Wednesday, March 2, 2011

Narrative tenses

A writer friend was describing her dilemma last night of trying to decide whether to tell her memoir stories in narrative past or narrative present. And it's an interesting problem. If you're writing memoir or fiction, or even non-fiction that makes use of narrative in story examples, it's a good thing to contemplate.

Compare these two examples:

When she walks in, I'm sitting alone in the apartment. Fred has just left. Our argument hangs in the air like beach fog and I wonder if she notices.

Narrative present creates an immediacy of action, drawing the reader into the scene more easily than the past tense.

When she walked in, I was sitting alone in the apartment. Fred had just left. Our argument hung in the air like beach fog and I wondered if she noticed.

 However, narrative present is hard to sustain and can become rather corny and inauthentic. Most longer writings (more than a scene) are best served by the narrative past.

When I wrote my memoir, I used the narrative present for very specific, dramatic scenes but I used narrtive past for the bulk of my story telling. This can be fun to experiment with for both fiction and non-fiction purposes to see the effects.

Sunday, February 27, 2011

Finding inspiration

As I write more poetry, I'm becoming a collector of odd phrases, things people say as part of a conversation. I've always collected these as writing prompts for fiction, especially those that hint at a story behind. Now I'm also looking for the interesting turn of phrase, those that carry an emotional spark or revive a memory, or set me thinking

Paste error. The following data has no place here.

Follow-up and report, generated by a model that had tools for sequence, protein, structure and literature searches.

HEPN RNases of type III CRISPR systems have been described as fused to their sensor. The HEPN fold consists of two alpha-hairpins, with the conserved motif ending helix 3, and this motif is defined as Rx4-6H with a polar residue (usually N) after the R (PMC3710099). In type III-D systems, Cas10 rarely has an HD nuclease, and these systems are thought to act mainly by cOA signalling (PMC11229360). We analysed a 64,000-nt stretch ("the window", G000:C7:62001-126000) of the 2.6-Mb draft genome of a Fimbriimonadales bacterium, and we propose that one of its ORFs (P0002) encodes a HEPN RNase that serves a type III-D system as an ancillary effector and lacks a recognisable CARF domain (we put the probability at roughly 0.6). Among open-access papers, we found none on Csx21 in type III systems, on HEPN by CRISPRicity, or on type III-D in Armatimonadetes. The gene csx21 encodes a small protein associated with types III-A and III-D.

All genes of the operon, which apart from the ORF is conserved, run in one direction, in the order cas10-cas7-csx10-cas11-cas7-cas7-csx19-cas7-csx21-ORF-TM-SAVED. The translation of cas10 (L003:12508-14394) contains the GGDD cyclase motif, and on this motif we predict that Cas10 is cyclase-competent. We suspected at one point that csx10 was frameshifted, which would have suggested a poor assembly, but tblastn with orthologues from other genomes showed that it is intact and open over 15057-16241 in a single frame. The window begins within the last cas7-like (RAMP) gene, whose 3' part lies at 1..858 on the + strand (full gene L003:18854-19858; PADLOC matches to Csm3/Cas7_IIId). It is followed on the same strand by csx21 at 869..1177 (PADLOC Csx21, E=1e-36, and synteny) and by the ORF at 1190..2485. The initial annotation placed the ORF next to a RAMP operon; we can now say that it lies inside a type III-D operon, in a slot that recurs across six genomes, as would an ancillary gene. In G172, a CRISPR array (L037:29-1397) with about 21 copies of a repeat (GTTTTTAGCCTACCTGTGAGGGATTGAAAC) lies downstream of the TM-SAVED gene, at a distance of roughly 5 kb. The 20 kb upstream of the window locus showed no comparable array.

When I'm in the middle of writing fiction, especially a novel, it's my imagination that's hard at work to weave the tales of these characters and the process goes on a long time. But with poetry, there's a constant need for fuel, for inspiration. So I'm changing my detective habits and listening harder to the way others speak and think. It's fascinating. Here's a poem from a phrase I heard in Nashville.

Up Burnside on the 20

I’m a slave to transit fashion, the pretty blonde said,
And Mrs. Malaprop aside, I thought about butts in navy
Polyester grown wide from eight-hour shifts
Behind the wheel and baby blue cotton shirts tight
Across the spare tire created by doughnuts and
64-ounce caffeinated colas that keep the hands
Steady on the wheel in rush hour
With buttons that gape high over the breasts
And draw the eye away from the embroidered
Marilyn or Shawonda on the pocket,
Shirttails stuffed into those same navy 
Pants even though loose they would have brought
Some relief to the low-slung gut of Ted or Harvey or Mike
In the last hours of an evening shift out to Gresham,
And those military-style jackets cropped to the waist
That only look good on a few slim types in their youth
And I wondered who designs transit uniforms and why
There aren’t more styles for all those different bodies
Driving the bus